Is this the dawn of the NFL’s next great dynasty? That question, in one form or another, gets thrown around after nearly every Super Bowl, particularly when the new champs are led by a young, ascending quarterback. (And especially when the champs aren’t the Patriots.) We heard it when a then-27-year-old Aaron Rodgers led the Packers to a Super Bowl XLV win; when a 25-year-old Russell Wilson led the Seahawks to a Super Bowl XLVIII victory; and even when Nick Foles filled in for a then-25-year-old Carson Wentz and the Eagles won Super Bowl LII. And we’re hearing it again now about the Patrick Mahomes–led Chiefs.
The fact that none of Rodgers, Wilson, or Foles/Wentz has led his team to another Super Bowl win in the years since, though, illustrates just how rare true dynasties are in the NFL. It also serves as a reminder that the Super Bowl hangover is real, whether that’s because the league is set up to manufacture parity (through the salary cap, reverse draft order, and schedule-making) or, as Chiefs head coach Andy Reid noted this week, that reigning champs tend to get “everybody’s best game” the year after. Kansas City’s path back to the big game is littered with pitfalls.
But despite all the challenges the Chiefs may face, the team’s championship window is wide, wide open. Kansas City has a quarterback–head coach marriage made in football heaven in Andy Reid and Mahomes―the former a future Hall of Famer and the latter the league’s most dangerous passer. Add in the team’s strong overall roster, stability in both the front office and coaching staff (the Chiefs return both coordinators and longtime special teams coach Dave Toub), and one of the strongest home-field advantages in the NFL, and Kansas City has as solid a foundation for sustained success as any team in the league. Already the Super Bowl favorites for next season, the Chiefs look like a team that’s just getting started.
Kansas City’s identity is centered squarely on its high-octane offense. Under Reid and Mahomes, the Chiefs have been the NFL’s version of the Warriors, relentlessly attacking deep to overwhelm opponents. With Mahomes behind center, the Chiefs put points on the board in bunches (they posted a league-best 35.3 points per game in 2018 and finished fifth this season with 28.2 points per game, despite losing Mahomes for two games) and are seemingly never out of any game―just look at the Super Bowl or, say, their 28-point second-quarter explosion in the divisional-round win over the Texans. The third-year quarterback proved once again this season that he’s one of the most efficient passers in the NFL both under pressure and from a clean pocket, that he’s one of the most dangerous deep-ball throwers (he led the NFL in deep-pass touchdowns with 13 in 2019 after tying for the league lead in that category in 2018 with 15), and that few, if any, quarterbacks possess a stronger arm or more out-of-structure playmaking talent. It’s almost unfair, then, that Reid schemed guys open downfield at the second-best rate in football.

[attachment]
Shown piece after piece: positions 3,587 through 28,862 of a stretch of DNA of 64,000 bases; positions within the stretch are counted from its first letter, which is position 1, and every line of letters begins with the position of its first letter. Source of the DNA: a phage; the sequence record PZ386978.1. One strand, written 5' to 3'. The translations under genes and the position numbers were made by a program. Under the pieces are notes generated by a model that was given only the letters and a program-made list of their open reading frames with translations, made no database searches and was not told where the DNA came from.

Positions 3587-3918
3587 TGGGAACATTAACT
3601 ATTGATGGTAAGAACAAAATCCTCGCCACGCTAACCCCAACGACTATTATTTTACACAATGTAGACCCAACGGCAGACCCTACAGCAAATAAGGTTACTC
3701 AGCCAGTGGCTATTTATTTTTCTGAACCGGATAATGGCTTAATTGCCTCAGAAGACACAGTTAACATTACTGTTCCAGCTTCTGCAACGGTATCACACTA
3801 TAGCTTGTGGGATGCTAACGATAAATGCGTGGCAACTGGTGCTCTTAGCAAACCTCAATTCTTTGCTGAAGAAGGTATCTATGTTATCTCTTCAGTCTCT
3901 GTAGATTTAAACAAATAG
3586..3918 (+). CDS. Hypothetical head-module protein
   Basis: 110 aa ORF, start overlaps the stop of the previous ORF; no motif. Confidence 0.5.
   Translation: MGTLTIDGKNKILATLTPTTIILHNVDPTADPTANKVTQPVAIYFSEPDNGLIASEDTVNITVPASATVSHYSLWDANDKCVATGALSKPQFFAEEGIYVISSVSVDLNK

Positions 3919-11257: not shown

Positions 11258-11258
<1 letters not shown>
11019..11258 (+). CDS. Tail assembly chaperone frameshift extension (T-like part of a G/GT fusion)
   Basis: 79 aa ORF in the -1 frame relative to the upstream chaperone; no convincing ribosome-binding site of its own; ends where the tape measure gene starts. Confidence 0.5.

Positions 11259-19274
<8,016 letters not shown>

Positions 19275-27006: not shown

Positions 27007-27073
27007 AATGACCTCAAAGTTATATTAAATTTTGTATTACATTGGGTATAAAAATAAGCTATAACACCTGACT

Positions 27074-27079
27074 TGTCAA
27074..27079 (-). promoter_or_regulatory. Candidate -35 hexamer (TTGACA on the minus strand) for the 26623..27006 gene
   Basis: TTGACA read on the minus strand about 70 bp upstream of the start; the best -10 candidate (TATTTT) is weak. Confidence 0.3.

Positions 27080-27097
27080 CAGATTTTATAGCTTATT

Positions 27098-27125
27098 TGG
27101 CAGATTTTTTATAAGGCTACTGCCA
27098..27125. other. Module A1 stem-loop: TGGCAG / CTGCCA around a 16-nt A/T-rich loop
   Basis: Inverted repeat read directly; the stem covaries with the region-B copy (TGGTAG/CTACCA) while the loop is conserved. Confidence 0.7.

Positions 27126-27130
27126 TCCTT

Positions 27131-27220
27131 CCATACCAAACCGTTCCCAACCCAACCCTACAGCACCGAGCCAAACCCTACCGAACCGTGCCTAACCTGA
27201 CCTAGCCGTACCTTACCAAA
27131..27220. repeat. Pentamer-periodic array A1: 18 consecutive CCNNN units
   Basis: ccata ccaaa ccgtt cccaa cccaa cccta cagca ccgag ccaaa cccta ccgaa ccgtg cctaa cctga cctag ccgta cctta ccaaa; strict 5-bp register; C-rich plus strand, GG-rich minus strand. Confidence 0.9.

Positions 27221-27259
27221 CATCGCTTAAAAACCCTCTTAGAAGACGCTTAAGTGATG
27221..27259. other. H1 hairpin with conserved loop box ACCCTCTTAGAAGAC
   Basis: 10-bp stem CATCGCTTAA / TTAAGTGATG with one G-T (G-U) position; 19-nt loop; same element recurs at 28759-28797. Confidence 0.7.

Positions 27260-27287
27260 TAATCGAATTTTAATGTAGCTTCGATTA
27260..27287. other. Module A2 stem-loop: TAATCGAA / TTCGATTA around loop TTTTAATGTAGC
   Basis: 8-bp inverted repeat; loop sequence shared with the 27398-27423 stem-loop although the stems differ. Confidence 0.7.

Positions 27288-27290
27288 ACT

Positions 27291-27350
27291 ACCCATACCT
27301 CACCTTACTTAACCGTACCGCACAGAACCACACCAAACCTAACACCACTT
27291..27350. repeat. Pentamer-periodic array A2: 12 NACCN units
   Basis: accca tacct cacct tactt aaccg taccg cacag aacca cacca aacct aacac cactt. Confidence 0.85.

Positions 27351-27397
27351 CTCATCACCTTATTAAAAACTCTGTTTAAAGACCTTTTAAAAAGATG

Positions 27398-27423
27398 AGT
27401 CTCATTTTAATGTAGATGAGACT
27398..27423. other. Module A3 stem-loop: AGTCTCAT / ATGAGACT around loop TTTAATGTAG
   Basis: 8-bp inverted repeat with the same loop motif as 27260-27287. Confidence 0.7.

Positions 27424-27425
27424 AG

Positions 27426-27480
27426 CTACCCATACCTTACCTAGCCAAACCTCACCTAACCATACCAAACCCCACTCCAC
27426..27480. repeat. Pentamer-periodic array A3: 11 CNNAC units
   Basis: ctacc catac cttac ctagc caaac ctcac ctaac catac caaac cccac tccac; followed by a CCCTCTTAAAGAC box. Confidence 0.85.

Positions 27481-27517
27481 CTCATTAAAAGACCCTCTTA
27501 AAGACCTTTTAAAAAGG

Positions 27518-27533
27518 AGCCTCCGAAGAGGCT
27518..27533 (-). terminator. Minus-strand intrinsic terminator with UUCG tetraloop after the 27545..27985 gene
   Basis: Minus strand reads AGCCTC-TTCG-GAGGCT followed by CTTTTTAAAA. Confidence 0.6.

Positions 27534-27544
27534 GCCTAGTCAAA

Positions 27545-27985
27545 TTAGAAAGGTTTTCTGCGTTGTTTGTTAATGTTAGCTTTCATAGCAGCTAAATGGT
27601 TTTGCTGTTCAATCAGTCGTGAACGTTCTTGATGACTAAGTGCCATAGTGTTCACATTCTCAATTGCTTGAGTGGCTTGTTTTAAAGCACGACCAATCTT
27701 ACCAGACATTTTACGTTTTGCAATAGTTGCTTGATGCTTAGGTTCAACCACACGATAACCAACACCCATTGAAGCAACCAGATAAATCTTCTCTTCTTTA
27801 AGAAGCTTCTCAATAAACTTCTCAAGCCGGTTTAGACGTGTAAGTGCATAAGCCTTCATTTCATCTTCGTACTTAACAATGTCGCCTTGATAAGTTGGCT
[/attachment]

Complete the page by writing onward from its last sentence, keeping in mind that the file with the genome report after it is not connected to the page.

Past the symbiotic perfection of that relationship, though, it doesn’t hurt that Kansas City has the foundation for a strong offensive line, with four out of five starters set to return in 2020 (only left guard Andrew Wylie is scheduled to hit the open market). That group, anchored by All-Pro right tackle Mitchell Schwartz, finished 2019 ranked fourth in Football Outsiders’ adjusted sack rate (4.9 percent). The team boasts unmatched speed on offense, too: With receivers Tyreek Hill, Mecole Hardman, and Sammy Watkins alongside a dynamic mismatch creator in Travis Kelce, the Chiefs can deploy their arsenal of field-tilting speedsters in a near-infinite combination of ways. And crucially, Hill, Hardman, and Kelce are all under contract long term.
Hill’s deal runs through the 2022 season (carrying cap hits of $17.7 million, $15.7 million, and $20.5 million over the next three years, respectively) and Kelce is under contract through 2021 (with reasonable cap hits of $11.2 million and $8.75 million). Hardman’s coming off a promising rookie campaign and should provide plenty of playmaking value over the next three seasons on his rookie deal. As for Watkins, his deal runs through the 2020 season, but Kansas City is unlikely to retain the 26-year-old pass catcher on his current deal (which comes with a $21 million cap hit next season). Watkins has already indicated he’s willing to renegotiate to stay with the champions, and whether he stays or goes, his release or restructure could free up $10 million or more in cap space in 2020. The team can use that money to add more weapons or bank for the inevitable record-setting deal they’ll give to Mahomes sometime over the next year or two.